Industry 4.0 and the buildings of tomorrow: How new technology is transforming the smart building world
Technological changes are transforming the world we live in at a greater rate than ever before.
Terms like the Internet of Things, artificial intelligence and big data, might sound like the stuff of science fiction, but together they are driving a fourth industrial revolution – also known as Industry 4.0.
This article will explore the concept of Industry 4.0, what it is, how it is evolving and what this means for the future of smart buildings.
What is industry 4.0?
In simple terms, Industry 4.0 is another name for the ‘fourth industrial revolution’ – the current era of technological advancement, which is enabling business and industry to grow and change at an unprecedented rate, increasing automation, reducing the need for hands-on human interaction and enabling us to use data to create intelligent buildings and systems.
Unlike previous revolutions, characterised by physical items like large-scale machinery or new modes of transport, this new revolution is quieter and stealthier, driven predominantly by data. It uses new technologies to capture and interpret it, before automating systems and processes in response, ensuring businesses are operating at maximum efficiency.
In short, it’s about connectivity – linking together buildings, their systems, machinery, appliances and devices, making processes smoother, and reducing the human input needed.
German engineer Klaus Schwab, founder and executive chairman of the World Economic Forum, describes it as “a range of new technologies that are fusing the physical, digital and biological worlds, impacting all disciplines, economies and industries.”
How does it apply to smart buildings?
It is no longer just individual pieces of machinery that can be made “intelligent” but whole buildings. The concept of smart buildings and the use of smart sensors has been around for several years, but is still not commonplace across the board.
The advance of Industry 4.0 means that within the next decade this will have shifted significantly. Advances in technology will mean creating smart buildings will become cheaper, easier and more accessible to all.
The way buildings are designed, constructed, operated and maintained must adapt to keep pace. Owners of all buildings, not just new builds, will begin to realise the possibilities that smart technology offers by helping their buildings “talk”. Smart sensors can collect data on a range of variables at a granular level, allowing facilities managers a far greater insight into the running of their buildings and the best ways to make changes.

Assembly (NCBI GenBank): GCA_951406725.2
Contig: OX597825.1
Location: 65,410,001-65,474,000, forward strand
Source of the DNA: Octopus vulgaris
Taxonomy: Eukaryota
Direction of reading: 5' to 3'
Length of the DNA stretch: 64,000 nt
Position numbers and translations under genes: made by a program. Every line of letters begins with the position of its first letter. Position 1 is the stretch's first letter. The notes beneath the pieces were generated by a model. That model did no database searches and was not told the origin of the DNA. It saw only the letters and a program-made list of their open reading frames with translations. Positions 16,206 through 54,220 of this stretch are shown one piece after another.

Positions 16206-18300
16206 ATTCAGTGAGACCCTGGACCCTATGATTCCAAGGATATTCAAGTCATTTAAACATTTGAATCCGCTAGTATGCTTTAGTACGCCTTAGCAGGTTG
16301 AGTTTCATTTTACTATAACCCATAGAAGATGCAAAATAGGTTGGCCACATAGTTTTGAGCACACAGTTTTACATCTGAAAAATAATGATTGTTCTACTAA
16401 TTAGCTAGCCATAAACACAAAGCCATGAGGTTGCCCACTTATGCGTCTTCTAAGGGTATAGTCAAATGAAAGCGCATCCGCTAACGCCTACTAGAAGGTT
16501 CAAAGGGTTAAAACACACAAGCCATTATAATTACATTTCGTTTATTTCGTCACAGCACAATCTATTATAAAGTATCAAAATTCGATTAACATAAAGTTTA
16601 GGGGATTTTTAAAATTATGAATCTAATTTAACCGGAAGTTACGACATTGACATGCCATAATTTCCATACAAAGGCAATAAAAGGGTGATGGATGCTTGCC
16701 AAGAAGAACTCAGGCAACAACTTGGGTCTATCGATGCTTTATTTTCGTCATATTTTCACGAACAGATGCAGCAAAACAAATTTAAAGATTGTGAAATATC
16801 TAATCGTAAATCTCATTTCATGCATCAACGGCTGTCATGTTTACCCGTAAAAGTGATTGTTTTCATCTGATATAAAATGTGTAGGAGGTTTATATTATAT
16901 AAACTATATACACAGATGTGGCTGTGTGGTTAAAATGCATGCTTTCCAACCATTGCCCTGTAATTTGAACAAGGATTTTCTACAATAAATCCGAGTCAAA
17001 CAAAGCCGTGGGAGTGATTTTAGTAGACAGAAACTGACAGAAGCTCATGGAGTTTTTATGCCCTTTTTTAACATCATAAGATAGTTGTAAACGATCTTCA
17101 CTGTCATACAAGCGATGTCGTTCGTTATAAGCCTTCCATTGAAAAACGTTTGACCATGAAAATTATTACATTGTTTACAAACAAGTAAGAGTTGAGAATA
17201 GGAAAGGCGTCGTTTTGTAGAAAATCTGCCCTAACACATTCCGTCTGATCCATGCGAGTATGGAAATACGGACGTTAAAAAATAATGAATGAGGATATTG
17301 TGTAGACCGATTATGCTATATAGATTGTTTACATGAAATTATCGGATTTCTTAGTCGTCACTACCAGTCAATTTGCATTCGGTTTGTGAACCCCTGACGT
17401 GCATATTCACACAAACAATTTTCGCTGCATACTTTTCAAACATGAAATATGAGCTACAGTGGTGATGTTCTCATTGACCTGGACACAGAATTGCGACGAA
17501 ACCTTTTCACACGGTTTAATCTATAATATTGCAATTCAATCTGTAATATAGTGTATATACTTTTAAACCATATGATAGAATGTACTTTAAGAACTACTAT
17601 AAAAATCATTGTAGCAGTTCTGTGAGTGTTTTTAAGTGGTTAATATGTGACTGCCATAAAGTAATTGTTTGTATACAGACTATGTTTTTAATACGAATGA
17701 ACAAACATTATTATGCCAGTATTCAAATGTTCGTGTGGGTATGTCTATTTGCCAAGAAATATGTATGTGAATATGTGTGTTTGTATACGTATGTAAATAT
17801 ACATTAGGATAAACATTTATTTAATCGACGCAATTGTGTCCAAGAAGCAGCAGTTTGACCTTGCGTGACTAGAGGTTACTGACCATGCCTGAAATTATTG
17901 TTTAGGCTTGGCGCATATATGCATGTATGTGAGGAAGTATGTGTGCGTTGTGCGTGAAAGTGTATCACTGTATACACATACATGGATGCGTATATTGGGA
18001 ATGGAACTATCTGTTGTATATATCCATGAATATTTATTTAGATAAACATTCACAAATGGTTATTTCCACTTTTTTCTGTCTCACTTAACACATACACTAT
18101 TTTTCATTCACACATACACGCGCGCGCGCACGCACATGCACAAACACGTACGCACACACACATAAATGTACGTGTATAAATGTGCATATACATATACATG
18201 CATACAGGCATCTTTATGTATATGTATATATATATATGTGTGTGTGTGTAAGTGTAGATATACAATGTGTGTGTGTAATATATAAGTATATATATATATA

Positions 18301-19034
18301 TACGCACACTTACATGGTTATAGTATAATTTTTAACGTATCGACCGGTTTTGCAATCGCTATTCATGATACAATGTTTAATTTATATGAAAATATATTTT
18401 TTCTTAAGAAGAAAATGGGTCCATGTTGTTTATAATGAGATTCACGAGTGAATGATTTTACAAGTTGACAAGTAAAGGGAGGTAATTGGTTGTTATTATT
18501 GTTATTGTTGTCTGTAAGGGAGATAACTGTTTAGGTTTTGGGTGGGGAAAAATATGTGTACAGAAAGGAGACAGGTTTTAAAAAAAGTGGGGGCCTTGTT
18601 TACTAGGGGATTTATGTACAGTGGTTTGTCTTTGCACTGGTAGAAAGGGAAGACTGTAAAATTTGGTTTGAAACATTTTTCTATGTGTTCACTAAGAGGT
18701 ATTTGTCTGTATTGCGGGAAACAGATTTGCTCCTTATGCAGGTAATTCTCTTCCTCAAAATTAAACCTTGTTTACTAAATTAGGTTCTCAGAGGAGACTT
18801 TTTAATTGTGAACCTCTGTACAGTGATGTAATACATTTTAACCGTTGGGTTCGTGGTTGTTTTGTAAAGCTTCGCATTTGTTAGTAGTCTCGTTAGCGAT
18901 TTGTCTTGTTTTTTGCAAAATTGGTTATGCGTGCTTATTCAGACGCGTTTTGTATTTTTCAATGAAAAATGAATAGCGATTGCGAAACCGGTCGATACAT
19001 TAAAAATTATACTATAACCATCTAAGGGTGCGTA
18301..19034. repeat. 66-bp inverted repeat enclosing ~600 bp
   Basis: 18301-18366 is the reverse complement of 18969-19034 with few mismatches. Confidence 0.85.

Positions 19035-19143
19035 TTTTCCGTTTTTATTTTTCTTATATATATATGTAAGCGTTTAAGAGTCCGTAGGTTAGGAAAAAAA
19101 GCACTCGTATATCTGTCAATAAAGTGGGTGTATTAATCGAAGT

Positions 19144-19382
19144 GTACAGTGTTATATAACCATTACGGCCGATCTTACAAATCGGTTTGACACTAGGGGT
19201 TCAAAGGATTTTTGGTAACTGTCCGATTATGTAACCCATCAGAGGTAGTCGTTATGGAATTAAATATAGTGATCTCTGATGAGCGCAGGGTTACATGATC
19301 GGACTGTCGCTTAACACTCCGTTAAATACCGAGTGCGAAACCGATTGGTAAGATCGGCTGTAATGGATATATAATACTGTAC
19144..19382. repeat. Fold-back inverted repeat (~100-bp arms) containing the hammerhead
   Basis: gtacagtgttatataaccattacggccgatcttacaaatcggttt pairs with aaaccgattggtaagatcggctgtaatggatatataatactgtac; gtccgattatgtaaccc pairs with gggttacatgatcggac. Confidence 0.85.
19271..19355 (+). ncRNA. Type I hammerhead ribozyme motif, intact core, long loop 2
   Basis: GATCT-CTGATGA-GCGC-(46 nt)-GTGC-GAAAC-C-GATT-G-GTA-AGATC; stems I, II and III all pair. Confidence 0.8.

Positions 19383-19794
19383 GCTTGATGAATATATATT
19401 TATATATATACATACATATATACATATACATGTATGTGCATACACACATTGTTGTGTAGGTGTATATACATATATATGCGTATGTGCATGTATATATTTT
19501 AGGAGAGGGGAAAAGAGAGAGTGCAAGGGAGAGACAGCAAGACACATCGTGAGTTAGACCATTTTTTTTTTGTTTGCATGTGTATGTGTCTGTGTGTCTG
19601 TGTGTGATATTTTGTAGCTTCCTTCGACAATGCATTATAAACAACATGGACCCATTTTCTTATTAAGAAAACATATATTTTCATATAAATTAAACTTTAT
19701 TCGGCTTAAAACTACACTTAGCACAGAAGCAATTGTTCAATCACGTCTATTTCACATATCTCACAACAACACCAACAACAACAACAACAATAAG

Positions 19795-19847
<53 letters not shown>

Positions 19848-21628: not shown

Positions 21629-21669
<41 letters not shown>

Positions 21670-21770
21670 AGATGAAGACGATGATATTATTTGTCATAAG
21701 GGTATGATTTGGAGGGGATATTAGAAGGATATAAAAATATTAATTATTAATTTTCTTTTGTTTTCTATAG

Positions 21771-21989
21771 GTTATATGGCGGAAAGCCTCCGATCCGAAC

How will building owners/managers benefit?
Smart sensors and associated Industry 4.0 technology give building managers access to a previously unimaginable amount of data.
The three key areas where this will most benefit facilities managers and business owners are:
- Making energy efficiencies: Being able to see and respond to granular data in real-time enables you to ensure energy is only being used exactly where and when it is needed and cut out wastage – something that is increasingly important as industry strives to meet carbon-reduction targets.
- Creating environments where people want to live and/or work: Smart sensors enable you to do everything from reduce the humidity of an area to adjusting lighting, to reducing waiting times for meeting rooms or lifts, helping processes flow more efficiently.
- Predictive maintenance: In the same way that smart sensors are helping factories reduce their costs by flagging up potential maintenance issues in advance, the same can be said within smart buildings. Sensors will highlight issues like overuse, damp, humidity or excessive power surges.
Of course, the knock-on effect of all these is that costs will be reduced across the board, both in terms of the amount spent on energy use, but also on streamlining processes and reducing wastage.
What next? How do I ensure my systems are future-proof?
The key to making the most of the opportunities afforded by smart sensor data is to ensure that the changes being made as a result of the information collected happen as quickly and efficiently as possible.
At the moment, vast amounts of data are sent to the cloud where it can then be interpreted and acted upon, but this usually requires a degree of human intervention. Fully-automated buildings will be able to use technology that interprets the data and can make the interventions itself – for example, if a room is too hot, the air-conditioning will automatically be turned up by a few degrees.
This is happening in some places already but, for many smaller businesses, this level of technology is currently inaccessible due to the costs of it – something that is likely to change rapidly over the course of the next decade as advances are made.
Whilst the rapid rate of change means no-one can accurately predict all the developments coming our way, it makes sense for anyone investing in smart technology now to keep one eye on the future, and the best way of doing this is to ensure your systems have interoperability and will be compatible with future developments, either from the same company or other companies that may advance at a faster rate. For example, ensuring your equipment works on a universal wireless standard like the EnOcean protocol means it will be easier to add to and adapt your smart solutions in years to come.
To talk to us about making your buildings smart for the future get in touch.